Historic steam-driven tug set to return to service

Historic steam-driven tug set to return to service. Photo credit: Thorndon Bearings
Historic steam-driven tug set to return to service. Photo credit: Thorndon Bearings

One of the world’s oldest tugboats, the 117-year-old, steam-driven tug Daniel Adamson, is set to return to service offering short cruises along the River Weaver, a tributary of the Mersey River in England, after the completion of a project to install new propeller shaft bearings.

The 1903-built steamship, rescued from scrap merchants 15 years ago, was fully restored in 2016 at Birkenhead’s Cammell Laird yard, the original builder of the vessel. Thordon Bearings’ SXL water lubricated propeller shaft bearings were installed last year after competitor bearings failed.

Thordon SXL water lubricated bearings were supplied in April of 2020, but due to the COVID-19 crisis, the project was delayed until November. The coal-fired steam-driven tug, currently in winter lay-up, is expected to resume service in the spring.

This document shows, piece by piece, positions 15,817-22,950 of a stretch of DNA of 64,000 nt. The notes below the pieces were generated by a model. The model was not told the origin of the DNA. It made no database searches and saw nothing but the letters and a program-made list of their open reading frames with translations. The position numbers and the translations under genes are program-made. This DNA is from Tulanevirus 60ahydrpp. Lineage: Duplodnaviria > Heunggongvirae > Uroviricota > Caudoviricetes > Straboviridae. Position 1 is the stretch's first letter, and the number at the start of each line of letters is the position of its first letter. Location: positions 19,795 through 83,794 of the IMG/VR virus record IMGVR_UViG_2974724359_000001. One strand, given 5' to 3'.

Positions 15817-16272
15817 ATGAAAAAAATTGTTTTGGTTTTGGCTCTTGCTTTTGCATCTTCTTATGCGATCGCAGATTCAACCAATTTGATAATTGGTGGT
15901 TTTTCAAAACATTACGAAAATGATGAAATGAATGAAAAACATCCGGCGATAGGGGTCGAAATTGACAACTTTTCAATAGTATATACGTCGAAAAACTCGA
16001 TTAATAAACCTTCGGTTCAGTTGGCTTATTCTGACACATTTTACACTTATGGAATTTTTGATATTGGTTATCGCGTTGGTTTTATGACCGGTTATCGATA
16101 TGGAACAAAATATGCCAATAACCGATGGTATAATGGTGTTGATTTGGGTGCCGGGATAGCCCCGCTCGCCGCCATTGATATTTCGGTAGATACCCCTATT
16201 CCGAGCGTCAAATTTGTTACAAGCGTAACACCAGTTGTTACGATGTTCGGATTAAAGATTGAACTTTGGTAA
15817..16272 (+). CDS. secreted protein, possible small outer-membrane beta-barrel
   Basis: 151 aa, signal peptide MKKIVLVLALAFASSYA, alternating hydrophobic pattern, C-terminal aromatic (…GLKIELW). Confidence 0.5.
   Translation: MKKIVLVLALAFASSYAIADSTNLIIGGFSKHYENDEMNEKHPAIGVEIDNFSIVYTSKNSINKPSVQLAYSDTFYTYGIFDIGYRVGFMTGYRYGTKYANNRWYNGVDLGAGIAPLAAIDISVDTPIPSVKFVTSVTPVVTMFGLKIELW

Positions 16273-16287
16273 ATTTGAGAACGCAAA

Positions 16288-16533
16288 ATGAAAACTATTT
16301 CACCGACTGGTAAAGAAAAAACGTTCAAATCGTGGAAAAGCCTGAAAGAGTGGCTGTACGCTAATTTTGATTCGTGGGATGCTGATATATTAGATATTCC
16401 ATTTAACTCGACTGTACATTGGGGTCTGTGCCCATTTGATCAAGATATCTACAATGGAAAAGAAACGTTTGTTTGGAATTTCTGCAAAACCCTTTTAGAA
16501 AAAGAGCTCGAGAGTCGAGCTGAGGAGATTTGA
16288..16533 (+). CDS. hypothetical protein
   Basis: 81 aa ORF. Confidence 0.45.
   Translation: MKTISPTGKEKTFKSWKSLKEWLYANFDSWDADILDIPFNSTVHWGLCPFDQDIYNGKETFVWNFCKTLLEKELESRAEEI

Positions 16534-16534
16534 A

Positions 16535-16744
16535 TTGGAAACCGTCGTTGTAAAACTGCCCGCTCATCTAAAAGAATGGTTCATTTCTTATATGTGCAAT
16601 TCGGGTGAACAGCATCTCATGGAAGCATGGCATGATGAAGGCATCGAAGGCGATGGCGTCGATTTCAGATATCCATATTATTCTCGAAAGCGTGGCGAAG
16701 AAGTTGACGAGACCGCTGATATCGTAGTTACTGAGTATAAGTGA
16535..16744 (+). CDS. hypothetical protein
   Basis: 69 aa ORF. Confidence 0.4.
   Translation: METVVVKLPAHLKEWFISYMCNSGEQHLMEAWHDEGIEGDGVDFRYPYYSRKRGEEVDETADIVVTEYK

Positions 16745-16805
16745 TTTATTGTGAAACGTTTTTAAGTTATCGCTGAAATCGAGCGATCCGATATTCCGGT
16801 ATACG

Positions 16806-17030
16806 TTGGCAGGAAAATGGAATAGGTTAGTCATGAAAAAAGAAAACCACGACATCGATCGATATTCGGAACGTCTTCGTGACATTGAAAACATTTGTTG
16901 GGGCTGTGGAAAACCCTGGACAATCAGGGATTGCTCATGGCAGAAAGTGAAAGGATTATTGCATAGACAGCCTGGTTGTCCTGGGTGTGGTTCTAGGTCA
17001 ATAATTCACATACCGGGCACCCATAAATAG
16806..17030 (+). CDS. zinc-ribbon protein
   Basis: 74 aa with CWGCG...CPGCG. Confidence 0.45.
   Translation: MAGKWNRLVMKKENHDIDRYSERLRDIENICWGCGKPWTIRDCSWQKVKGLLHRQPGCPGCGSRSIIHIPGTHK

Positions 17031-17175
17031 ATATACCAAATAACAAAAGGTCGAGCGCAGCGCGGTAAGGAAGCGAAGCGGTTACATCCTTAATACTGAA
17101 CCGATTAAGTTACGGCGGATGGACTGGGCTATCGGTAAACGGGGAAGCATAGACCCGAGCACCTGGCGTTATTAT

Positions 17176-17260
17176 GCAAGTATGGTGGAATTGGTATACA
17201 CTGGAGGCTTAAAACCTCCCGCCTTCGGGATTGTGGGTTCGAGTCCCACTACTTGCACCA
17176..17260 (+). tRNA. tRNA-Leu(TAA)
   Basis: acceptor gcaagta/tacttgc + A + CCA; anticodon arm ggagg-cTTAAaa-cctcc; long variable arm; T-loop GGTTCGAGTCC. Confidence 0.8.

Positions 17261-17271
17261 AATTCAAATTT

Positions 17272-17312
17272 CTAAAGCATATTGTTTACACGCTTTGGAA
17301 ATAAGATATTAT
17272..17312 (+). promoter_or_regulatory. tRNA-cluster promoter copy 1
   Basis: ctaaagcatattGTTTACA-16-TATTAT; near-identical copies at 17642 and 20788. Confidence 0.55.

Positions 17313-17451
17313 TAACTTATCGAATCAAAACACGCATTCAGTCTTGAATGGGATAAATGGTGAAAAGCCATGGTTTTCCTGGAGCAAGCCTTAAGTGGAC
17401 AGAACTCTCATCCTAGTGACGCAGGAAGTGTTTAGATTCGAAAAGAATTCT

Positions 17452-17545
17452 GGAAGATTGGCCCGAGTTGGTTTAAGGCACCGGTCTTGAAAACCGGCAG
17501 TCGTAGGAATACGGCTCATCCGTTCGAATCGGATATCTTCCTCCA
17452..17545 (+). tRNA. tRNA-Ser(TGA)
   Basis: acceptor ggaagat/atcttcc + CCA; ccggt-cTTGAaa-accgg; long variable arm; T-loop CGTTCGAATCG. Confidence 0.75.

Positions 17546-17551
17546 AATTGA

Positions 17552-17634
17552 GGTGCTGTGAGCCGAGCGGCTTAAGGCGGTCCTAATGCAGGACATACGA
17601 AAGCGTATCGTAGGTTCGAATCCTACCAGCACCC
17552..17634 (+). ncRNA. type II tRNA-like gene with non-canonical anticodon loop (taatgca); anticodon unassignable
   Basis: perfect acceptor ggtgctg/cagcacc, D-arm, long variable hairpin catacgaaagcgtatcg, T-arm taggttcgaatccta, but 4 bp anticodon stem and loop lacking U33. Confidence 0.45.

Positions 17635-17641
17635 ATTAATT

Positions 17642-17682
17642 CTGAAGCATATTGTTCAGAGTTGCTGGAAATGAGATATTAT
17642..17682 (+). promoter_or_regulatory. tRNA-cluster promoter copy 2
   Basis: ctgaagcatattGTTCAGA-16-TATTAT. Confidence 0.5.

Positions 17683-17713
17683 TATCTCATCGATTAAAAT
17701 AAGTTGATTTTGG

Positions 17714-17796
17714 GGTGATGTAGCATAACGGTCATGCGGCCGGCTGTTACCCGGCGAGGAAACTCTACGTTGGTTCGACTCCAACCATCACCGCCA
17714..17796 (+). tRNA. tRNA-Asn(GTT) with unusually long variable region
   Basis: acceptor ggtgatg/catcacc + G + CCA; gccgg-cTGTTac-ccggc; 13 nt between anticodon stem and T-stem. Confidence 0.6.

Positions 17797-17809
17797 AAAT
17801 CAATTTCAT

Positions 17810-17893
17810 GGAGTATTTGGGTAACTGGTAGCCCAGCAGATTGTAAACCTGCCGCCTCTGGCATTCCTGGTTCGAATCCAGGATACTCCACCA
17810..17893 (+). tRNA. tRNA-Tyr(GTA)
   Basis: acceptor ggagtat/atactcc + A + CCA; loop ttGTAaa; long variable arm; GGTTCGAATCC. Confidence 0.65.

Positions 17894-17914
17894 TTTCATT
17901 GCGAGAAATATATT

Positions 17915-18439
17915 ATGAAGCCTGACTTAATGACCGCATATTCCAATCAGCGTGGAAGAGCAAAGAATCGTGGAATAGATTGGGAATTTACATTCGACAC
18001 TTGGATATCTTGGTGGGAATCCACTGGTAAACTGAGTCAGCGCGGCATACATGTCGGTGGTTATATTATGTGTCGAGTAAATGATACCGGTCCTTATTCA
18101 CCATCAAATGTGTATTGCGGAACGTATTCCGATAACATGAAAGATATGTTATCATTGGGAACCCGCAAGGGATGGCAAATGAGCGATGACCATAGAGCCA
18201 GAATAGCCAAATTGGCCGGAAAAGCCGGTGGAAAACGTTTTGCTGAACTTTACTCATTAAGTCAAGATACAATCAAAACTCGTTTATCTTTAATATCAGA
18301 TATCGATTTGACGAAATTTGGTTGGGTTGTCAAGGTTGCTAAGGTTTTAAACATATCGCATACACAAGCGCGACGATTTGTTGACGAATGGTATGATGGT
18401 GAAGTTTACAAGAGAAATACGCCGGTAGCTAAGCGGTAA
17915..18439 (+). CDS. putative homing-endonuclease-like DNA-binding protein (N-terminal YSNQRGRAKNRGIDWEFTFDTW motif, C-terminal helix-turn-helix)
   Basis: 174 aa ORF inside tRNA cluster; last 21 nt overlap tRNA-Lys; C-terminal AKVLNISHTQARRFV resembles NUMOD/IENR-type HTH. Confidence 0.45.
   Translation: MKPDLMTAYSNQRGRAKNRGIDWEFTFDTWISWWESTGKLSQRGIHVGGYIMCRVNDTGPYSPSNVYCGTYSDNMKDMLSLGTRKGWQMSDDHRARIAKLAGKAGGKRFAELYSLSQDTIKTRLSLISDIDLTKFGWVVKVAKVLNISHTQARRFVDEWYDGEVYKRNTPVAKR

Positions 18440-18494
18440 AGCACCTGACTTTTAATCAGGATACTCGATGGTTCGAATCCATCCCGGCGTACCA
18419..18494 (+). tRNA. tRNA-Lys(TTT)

“Initially, we were only going to replace the bearing on the starboard shaft, but as the project progressed, it was agreed that the port propeller shaft bearing should also be changed. So, we ended up supplying 203mm (8in) diameter SXL bearings for each shaft,” Chris Simmons said.

Andrea Ward, Director, Daniel Adamson Preservation Society, said, “As a charity, supported by volunteers, we didn’t have a big budget available for the docking and bearing replacement so soon after the restoration three years ago. But after evaluating the reliability and robustness of the SXL bearings we believed it would be prudent to the life of the vessel to replace the existing shaft components with the more reliable, robust Thordon SXL solution.”

Commenting on the success of the project, Simmons, said, “Boarding this remarkable vessel is stepping back in time. Many of the volunteers are septuagenarians but they’re carrying out all of the tasks required to operate a steam engine, including the ‘fireman’ role, shoveling coal. Tough work. I’m not sure I would be able to keep that up for too long – apparently there is a knack.”

Read another article about a historic vessel: Funding campaign launched to save the oldest floating Clyde-built vessel in the UK

 

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